B.o.B

Noted airplane enthusiast and rapper B.o.B is an unabashed believer in the Flat Earth theory, which claims the idea of a spherical Earth is a mass conspiracy/coverup being carried out by international governments.

Yesterday, Neil deGrasse Tyson, noted astrophysicist and champion of STEM education, tried to explain to B.o.B on Twitter that the Earth's spherical shape has been proven by science:

Tyson ended his earnest attempt at explaining to the Atlanta-born rapper why his "proof" of a flat Earth was incorrect with a none too subtle dig.

Rather than answering with more Flat Earth evidence, B.o.B opted to respond in the best way that he possibly could: a diss track.

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The track features an audio sample from an interview Tyson gave in which he explains that the Earth is actually more pear-shaped than spherical. The track, Flatline, features all the hallmarks of a quality clapback: it was put together quickly. It doesn't sound all that bad. Also—it's…sort of funny given the context of the whole situation.

(That is, until the verse where he namedrops David Irving, a prominent Holocaust denier, and insinuates that President Obama is in on the Holocaust "hoax" because he wore a kippah while giving a speech at last year's National Jewish American Heritage Month celebration.)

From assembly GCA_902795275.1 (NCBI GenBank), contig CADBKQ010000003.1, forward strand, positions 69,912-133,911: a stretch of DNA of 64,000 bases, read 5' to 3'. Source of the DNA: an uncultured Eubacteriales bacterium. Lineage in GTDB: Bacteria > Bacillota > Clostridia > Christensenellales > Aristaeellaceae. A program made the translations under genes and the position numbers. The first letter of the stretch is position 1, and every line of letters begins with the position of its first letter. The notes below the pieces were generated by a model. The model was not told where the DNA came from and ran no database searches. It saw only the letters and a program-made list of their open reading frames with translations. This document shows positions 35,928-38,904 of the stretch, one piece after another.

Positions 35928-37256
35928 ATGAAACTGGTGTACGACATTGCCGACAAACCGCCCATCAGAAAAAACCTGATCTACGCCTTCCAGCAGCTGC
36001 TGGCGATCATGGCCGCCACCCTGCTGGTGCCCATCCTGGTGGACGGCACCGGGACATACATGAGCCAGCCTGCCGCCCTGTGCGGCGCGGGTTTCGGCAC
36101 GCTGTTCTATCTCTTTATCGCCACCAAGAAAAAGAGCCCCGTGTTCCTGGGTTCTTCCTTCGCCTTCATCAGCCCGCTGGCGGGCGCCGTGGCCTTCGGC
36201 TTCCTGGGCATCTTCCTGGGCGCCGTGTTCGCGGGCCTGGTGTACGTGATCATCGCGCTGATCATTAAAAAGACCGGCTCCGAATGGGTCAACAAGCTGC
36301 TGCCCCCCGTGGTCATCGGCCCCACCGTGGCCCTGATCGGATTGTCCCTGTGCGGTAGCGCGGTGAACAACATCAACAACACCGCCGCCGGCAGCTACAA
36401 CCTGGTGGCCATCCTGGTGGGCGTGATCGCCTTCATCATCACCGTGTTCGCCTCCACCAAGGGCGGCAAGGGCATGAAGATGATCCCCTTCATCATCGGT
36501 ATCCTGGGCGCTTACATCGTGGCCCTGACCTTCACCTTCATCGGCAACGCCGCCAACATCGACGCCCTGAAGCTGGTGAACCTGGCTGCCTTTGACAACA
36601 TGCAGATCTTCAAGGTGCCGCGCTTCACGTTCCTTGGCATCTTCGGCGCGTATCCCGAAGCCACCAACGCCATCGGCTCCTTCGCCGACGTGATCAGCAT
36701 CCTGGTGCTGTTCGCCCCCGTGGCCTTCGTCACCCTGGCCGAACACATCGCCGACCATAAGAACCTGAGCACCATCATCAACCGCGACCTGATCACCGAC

https://soundcloud.com/bobatl/bob-flatline-feat-neil-tyson

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Flatline pretty much sums up all of B.o.B's Flat Earth points while also (attempting) to use Tyson's own words against him. The excerpted audio features Tyson explaining why the Earth cannot be truly described as the perfect sphere that we're all accustomed to seeing.

"[T]hroughout its life, Earth, even when it formed, it was spinning. And it got a little wider at the equator that it does at the poles," Tyson describes. "So it’s not actually a sphere, it’s oblate, it’s officially an oblate spheroid."

Mind you that B.o.B has previously expressed his skepticism about the Earth's shape.

In a perfectly spherical world, Tyson would be working on a response track of his own right now, but for the time being, the scientist subtweeted a single sage aphorism.